What most of the people who have seen that Oscar-winning film have no way to recognize is that when the slum was destroyed at the end of the film--something that actually happened in real-life Mumbai--it was not replaced with better housing for the slum dwellers who were displaced. Those people were simply displaced, period.

Everywhere we looked were people with no possessions but the clothes on their backs, and perhaps a filthy rug or blanket to wrap up in at night. People seeking shelter from the cold midwinter nights on railway platforms, in doorways, any place they could escape the frigid air. People building little fires with cow dung or street garbage, in any nook or cranny, and huddling around them to try to warm themselves.

I realize now as I sort through my photos that I didn't photograph the beggars. I'm not a journalist, and at the time was not thinking about a blog entry I might write ten months later. Next trip I will try to remember to photograph everything!

These are not the images the Indian government sends to the rest of the world. They don't even send them to their own people.

(Continued next week. Where is India's middle class?)

Save money on your next vacation!

Wednesday, October 28, 2009

York, England

A Guest Blog from Geezer-Chick

My husband and I spent a week in York UK. My husband went as a chemist (not a pharmacist). I spent the days as a tourist with my camera. This report is tempered by my prejudices. I don't like British cooking, so I ate at Indian, Chinese, Asian, Portuguese and Pizza places. I have a preference for older architecture, so most of my photos are of buildings I found fascinating.

Here is York from my American, academic, and somewhat silly point of view.

York is a city of ghosts, chocolate shops, big public clocks and stores with funny names.

There are three ghost tours. And in October they run every night. I tried to take the one described as “Historically funny” but only 4 people showed up for that one, so the guide dropped us off on a much more gruesome tour on which most of the ghosts were children who died by accident, plague, or cruelty. Compared to Philadelphia, where I live, York doesn't seem to have very many ghosts. They just love them more. One of the bakeries even makes chocolate ghosts.

I toured a haunted house which has been inhabited for over 700 years. The tour is like a radio drama in which you walk from room to room as guided by the radio voice, and learn about the ghosts who feel more and more real as you progress and the house, which is dimly lit, feels gloomier and gloomier.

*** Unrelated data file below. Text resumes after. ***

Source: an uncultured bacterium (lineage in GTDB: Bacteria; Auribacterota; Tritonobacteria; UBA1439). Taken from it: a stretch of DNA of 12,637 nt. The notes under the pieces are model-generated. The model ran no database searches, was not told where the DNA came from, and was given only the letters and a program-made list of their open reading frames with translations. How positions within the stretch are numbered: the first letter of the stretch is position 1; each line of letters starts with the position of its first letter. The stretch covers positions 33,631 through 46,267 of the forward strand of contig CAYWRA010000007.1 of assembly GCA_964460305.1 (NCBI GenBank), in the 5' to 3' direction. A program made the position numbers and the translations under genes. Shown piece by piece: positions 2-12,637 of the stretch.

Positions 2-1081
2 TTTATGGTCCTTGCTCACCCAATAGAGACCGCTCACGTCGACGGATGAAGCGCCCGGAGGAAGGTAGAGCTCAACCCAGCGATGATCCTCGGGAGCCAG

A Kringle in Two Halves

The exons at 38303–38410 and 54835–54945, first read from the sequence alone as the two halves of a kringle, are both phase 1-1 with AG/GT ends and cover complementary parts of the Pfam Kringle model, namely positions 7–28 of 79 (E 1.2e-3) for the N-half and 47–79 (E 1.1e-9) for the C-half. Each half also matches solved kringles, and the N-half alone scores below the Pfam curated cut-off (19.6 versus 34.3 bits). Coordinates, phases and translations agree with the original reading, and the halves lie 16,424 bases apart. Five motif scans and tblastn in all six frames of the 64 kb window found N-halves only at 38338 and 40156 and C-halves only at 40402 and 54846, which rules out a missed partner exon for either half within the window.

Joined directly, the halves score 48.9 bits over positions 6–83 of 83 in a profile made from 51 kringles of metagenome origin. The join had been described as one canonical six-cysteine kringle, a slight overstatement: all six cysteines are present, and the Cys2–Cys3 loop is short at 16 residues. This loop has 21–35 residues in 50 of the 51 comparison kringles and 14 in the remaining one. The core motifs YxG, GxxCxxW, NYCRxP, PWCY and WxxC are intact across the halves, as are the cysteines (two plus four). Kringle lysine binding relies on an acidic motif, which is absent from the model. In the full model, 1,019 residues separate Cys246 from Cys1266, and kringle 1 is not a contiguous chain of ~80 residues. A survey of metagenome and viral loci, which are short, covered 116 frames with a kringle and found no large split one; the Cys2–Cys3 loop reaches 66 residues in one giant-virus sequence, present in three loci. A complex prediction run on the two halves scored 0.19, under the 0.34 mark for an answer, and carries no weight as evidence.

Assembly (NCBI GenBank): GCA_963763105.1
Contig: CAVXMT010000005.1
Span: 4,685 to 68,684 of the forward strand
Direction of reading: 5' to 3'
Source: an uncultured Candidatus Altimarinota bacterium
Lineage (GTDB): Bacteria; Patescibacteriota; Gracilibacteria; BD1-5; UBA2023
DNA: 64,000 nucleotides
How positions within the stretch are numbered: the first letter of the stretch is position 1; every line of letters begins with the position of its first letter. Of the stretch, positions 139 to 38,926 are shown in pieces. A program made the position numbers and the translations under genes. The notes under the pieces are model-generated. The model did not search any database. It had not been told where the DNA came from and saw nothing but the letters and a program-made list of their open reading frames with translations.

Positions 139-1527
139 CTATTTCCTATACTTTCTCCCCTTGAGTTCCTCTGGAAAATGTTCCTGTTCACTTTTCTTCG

You'd never find the Haunted House, if you didn't know where to look for it.

This is the fireplace in the haunted house.

In addition to haunted places, some shops choose have ghosts on their signs. A dress shop is called Ghost. And another shop has only a picture of ghosts for its business sign.

I don't know what kind of business takes place behind this sign.

No Nonsense Guide to Ghost Hunting

In addition, several buildings have gargoyles. Some old, some modern.

This building also has one of the many huge clocks of York.

York is also famous for its snickelways. That's the name for passageways that are too narrow for vehicles but are often the only way to get from one place to another inside the city. Some are covered and some are open to the air.

Here are pictures of some more big clocks. Many buildings also have coats of arms. And some manage to look silly because their old architecture houses a modern franchise. And, the access holes to underground sewers are square or rectangular. I did find one round one, but it was not a perfect circle – it had petals like a flower.

Here is a Subway Sandwich shop.

Here's a square access hole cover.

And here's the only round one I found in the whole city:

York is a growing city. The inner area is walled, and during business hours, cars are excluded.

Here's a picture of a stairway up to the wall.

And here's part of the wall.

In addition to ghost tours, you can tour the York Minster, which is a cross-shaped church with a circular room off to one side.

While I was there, a local man came up to me and started telling me his life story (his version of it.) He was a plumber. He's writing a book called Humanity, that's going to be a best seller. He's getting divorced, but he doesn't know why. He's never told a lie in his life.

I much preferred the 4 and a half-year-old I met at the Jorvik DIG center. She wanted to know if I'm older than 95. I told her that even my mother isn't 95 yet. But we do expect to get that old. Then we started talking about how she's never met anybody 1000 years old. But some of the things we were looking at were that old and older.

Jorvik (pronounced Yorvik) Center is a recreated Viking village. The Jorvik folks have an archeology site and have also created an archeology center where you can have the experience of digging up treasure from 4 different eras, including Roman and Viking, without getting dirty. This center, called DIG, is in an old church. It is usually full of school children until about 3 PM.

And finally the silly shop names. Slug and Lettuce, Anti-Gravity, Give A Dog a Bone, Zikzak, Next, and hundreds of others. But the best is the completely incomprehensible sign on a wall, that reads Whip Ma Whop Ma Gate. Gate means street. According to Wikipedia this is the name of the shortest street in York (35 meters long) and means Neither One thing Nor The Other.

Chocolate University